Many people are under the impression that they can avoid trouble in their relationships by not arguing. They mistakenly assume that the absence of fighting – or any disagreement – is an indication that the relationship is healthy. But that assumption is wrong.
The most successful relationships consist of two people getting what they want simply because they are being who they are. In good relationships, conflicts are viewed as temporary and resolvable. Dealbreakers are not as issue, because each party sees evidence that the other is getting from of the relationship what’s satisfactory to him or her. Because of this mutual security, it’s automatically expected that conflict will be resolvable, and is the exception rather than the norm. Each partner wants to see the other as happy as possible, simply because that is the source of his or her own happiness.
Avoiding conflict on principle can lead to a non-authentic relationship where false assumptions will build up on one or both sides. When one of those mistaken assumptions is contradicted or betrayed, resentment develops. The problem could be prevented by allowing conflict into the mix earlier on, rather than being so conflict-avoidant that a larger battle is finally unavoidable.
In a personal or romantic relationship, most issues (even minor ones) boil down to hurt feelings. In many cases, hurt feelings are caused by a lack of visibility in some instance. In other words, if you feel your spouse/partner was not listening to you, or paying attention to what’s important to you, then there’s some resentment. Most of these problems can be resolved by simply expressing your hurt feelings — not in a hostile or offensive way, but simply as a matter of fact. When expressing those feelings, it’s best to do so benevolently, i.e., with an assumption on your part that you genuinely realize that no harm was intended, though hurt feelings did end up being the result. It’s less in the spirit of accusation and more in the context of, “Just letting you know how I felt about what you said [or did].”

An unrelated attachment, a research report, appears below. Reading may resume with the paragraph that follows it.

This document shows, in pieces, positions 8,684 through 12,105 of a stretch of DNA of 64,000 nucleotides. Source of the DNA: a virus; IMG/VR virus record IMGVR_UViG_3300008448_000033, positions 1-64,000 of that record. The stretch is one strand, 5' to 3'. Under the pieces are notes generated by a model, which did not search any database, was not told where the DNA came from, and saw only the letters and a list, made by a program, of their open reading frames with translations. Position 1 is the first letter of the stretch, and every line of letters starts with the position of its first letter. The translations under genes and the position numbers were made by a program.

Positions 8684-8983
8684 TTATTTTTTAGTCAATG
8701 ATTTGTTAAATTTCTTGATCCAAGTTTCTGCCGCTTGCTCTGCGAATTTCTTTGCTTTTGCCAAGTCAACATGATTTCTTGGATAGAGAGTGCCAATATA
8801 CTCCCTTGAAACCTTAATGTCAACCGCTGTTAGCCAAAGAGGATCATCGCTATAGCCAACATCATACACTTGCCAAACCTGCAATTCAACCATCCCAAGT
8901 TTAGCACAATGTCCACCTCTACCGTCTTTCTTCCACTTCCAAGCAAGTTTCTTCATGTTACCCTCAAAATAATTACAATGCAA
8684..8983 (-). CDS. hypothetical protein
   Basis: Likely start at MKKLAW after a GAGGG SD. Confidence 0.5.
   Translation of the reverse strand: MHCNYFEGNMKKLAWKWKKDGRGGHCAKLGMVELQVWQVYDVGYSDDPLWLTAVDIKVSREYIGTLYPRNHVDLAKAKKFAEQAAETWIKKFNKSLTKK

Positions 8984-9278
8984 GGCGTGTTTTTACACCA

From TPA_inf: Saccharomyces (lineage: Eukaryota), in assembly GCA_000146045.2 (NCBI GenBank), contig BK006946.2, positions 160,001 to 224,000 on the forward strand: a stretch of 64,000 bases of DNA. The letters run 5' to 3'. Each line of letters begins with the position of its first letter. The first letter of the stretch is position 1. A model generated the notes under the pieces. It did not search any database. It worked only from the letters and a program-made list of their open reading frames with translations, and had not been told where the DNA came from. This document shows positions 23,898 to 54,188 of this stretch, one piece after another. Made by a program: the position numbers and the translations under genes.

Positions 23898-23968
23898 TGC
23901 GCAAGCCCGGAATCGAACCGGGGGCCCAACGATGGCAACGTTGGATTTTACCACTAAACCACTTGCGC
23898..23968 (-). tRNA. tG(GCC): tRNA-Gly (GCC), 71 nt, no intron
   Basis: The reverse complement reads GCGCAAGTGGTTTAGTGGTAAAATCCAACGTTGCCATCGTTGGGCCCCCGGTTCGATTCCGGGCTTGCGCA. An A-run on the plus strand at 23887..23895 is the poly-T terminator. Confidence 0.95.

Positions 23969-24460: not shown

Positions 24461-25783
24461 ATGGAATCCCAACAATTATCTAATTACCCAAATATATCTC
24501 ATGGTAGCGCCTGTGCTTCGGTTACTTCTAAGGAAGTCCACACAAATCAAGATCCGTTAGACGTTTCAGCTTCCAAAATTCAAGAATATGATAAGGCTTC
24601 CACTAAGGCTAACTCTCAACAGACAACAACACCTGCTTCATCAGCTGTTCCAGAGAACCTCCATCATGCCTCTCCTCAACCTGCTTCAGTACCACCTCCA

Healthy, mature individuals love their partners and do not want to hurt them. They want their partners to feel visible, and they want them to know how important they are to them. Acknowledging hurt feelings or other misunderstandings should not be something to avoid. It should be something that’s always assumed to be resolvable and fixable, even with just a few minutes of communication.
When you’re hurt or upset about something, it’s wise to view it in a wider context. For example, ask yourself, “What am I really upset about here? Is it really this thing I’m focusing on, or is it something else? Is it just one instance of my feelings being hurt, or is it part of what I see as a wider pattern?” The clearer you are about these things before communicating your feelings to a loved one, the better you’ll be able to explain yourself when asked to do so. Should every single hurt feeling be brought up? No. It’s not necessary. But if it’s something you view as a large incident or a pattern of incidents that isn’t going away, then it’s better to bring it up than let it boil beneath the surface.
“Not fighting” is not something to strive for, if by that you mean avoiding conflict at any price. It’s better and healthier to embrace the conflict in a rational and benevolent way than to pretend it doesn’t exist and have it come back later to bite you and your partner where it can hurt the most.
Michael J. Hurd, Life’s a Beach
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